It’s especially well-suited for warmer sounding instruments with rosewood fretboards, though in some instruments the JB‘s exuberant personality can be a bit much, however – but (unknown to some, and unlike a lot of conventional humbuckers) it’s designed to work equally well with both 250 and 500k potentiometers. This allows it to be fine-tuneable to better suit the individual guitar. A 250k pot would warm it up in a brighter instrument, and a 500k would brighten it in a darker one.


“Sounds like ROCK, doesn’t it?”

There are many reasons why the JB is and has been used by so many for so long so well. It’s got punch, output, clarity, great rhythm and lead tones – what more could you ask for? It can do country, fusion and blues too, but as far as rock bridge humbuckers go, it’s hard to beat. It’s a great stand-alone pickup for single-humbucker guitars, and when paired with a ’59 or a Jazz (its original counterpart in the Tele-Gib), or say with an STK-S6 or STK-S7 in the neck in a humbucking/single(s) configuration, the JB can be an integral part of a versatile and downright dangerous combo! It’s available in standard and Trembucker spacing, and there is also an Antiquity version available with an aged magnet for those wanting to faithfully capture the vibe of a 30-year old model of the rock classic.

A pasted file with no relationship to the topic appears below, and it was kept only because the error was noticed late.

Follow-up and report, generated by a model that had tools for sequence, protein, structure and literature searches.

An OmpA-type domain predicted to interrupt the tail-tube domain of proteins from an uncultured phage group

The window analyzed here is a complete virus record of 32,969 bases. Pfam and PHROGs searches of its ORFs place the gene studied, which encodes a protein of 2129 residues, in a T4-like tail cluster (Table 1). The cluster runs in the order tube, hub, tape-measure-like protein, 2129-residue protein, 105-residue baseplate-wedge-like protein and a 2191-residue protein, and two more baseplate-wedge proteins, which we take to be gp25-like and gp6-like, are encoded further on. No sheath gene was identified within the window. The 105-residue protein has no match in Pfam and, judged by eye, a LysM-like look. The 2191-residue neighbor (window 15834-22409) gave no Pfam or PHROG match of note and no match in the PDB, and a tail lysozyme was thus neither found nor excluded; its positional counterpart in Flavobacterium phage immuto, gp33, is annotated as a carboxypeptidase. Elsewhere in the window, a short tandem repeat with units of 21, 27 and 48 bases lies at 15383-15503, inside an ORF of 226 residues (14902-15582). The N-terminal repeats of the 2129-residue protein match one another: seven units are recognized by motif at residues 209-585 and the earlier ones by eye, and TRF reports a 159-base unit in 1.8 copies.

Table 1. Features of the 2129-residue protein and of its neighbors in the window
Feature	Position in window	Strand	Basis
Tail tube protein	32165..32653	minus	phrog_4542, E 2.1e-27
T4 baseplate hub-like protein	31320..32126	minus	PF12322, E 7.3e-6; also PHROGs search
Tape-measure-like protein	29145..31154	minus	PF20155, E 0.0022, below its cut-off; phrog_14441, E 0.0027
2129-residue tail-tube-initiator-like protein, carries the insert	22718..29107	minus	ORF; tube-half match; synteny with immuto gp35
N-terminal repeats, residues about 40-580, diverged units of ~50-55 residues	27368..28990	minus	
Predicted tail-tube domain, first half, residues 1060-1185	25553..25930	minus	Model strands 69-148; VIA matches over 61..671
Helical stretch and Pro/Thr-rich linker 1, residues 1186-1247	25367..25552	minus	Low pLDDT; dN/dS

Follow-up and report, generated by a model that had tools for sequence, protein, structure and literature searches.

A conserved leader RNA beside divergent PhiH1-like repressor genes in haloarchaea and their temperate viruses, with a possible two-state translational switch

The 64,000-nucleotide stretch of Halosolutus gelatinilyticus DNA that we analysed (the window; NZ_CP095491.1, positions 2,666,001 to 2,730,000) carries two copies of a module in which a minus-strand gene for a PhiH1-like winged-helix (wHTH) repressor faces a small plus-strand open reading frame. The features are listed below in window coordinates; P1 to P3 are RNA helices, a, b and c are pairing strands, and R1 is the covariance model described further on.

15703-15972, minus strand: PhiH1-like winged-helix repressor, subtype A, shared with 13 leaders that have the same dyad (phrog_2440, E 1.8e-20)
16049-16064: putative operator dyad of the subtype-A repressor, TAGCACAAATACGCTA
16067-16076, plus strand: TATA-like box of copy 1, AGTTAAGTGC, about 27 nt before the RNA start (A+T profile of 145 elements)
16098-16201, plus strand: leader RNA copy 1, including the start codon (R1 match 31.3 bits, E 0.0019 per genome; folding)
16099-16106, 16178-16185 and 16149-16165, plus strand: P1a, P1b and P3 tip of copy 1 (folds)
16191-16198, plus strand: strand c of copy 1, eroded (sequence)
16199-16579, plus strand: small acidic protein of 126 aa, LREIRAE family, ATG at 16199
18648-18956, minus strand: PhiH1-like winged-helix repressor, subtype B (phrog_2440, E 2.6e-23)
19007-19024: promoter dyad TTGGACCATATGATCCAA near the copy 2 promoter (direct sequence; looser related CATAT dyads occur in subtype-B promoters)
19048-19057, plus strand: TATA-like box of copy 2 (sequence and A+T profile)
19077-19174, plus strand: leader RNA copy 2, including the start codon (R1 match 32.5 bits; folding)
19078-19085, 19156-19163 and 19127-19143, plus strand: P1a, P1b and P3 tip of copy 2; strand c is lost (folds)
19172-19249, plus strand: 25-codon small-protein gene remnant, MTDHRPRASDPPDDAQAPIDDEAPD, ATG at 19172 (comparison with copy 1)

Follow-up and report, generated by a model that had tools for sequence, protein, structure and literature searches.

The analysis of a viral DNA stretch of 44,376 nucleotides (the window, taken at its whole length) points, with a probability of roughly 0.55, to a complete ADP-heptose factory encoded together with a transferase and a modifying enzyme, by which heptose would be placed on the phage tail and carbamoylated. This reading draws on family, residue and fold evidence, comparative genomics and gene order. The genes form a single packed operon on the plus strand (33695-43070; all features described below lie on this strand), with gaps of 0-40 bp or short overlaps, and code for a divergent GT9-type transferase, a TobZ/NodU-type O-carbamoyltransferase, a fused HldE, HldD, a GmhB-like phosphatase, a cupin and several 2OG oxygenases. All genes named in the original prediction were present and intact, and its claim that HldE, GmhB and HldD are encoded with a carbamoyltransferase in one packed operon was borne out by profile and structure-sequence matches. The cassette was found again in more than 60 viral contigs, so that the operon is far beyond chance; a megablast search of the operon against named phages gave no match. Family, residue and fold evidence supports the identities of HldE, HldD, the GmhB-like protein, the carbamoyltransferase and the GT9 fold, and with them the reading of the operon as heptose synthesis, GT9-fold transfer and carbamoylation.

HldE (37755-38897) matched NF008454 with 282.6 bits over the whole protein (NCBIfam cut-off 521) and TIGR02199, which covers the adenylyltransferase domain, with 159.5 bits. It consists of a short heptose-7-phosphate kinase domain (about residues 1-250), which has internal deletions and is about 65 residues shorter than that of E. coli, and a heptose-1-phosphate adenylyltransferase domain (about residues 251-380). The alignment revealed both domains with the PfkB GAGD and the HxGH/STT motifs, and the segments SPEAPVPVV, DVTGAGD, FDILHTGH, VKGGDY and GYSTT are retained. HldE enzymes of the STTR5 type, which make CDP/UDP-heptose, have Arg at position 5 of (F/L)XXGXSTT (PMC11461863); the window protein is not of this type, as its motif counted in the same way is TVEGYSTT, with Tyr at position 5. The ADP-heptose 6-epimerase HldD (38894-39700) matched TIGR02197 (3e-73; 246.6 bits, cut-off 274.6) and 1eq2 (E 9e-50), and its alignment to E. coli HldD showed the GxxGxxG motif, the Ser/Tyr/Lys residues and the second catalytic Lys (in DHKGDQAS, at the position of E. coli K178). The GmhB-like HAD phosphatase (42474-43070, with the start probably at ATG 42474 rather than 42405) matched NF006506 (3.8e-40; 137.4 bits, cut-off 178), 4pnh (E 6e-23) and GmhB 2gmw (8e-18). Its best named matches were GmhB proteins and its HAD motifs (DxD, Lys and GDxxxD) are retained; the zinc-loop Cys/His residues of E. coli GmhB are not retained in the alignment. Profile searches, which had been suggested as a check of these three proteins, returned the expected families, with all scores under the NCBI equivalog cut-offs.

Which of your guitars would you rock a JB in?


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  1. love my esp ltd ec 401 vf. didnt buy the more expensive one (ec-1000) cause it only was available with emg pu`s. the mix of a jb and a 59 in an lp style guitar combined with my marshall class 5……great!

  2. would actually like to hear it on a properly tuned guitar playing something that JB would have actually played!

  3. JB is great in my favorite stage guitar a SG Special. Matched with an Antiquity in the neck I get greats response when mixed together or separate. Also use a JB in a custom Gibson Melody Maker. Fitted with a coil tap it’s extremely versatile as a single pick-up guitar. Seymour is a genius, I’ve been his customer since he rewound my 50’s strat pick-up 30+ years ago, at this point I have no idea which of the three is a rewind. No one can match his understanding of what made the vintage stuff great and how to apply it in today’s world….. I love him!

  4. I use this pickup for everything! Its my favorite pickup and #1 choice. I use it for playing punk rock music. Also Billie Joe Armstrong of Green Day’s “Blue” guitar is loaded with a Duncan JB 😛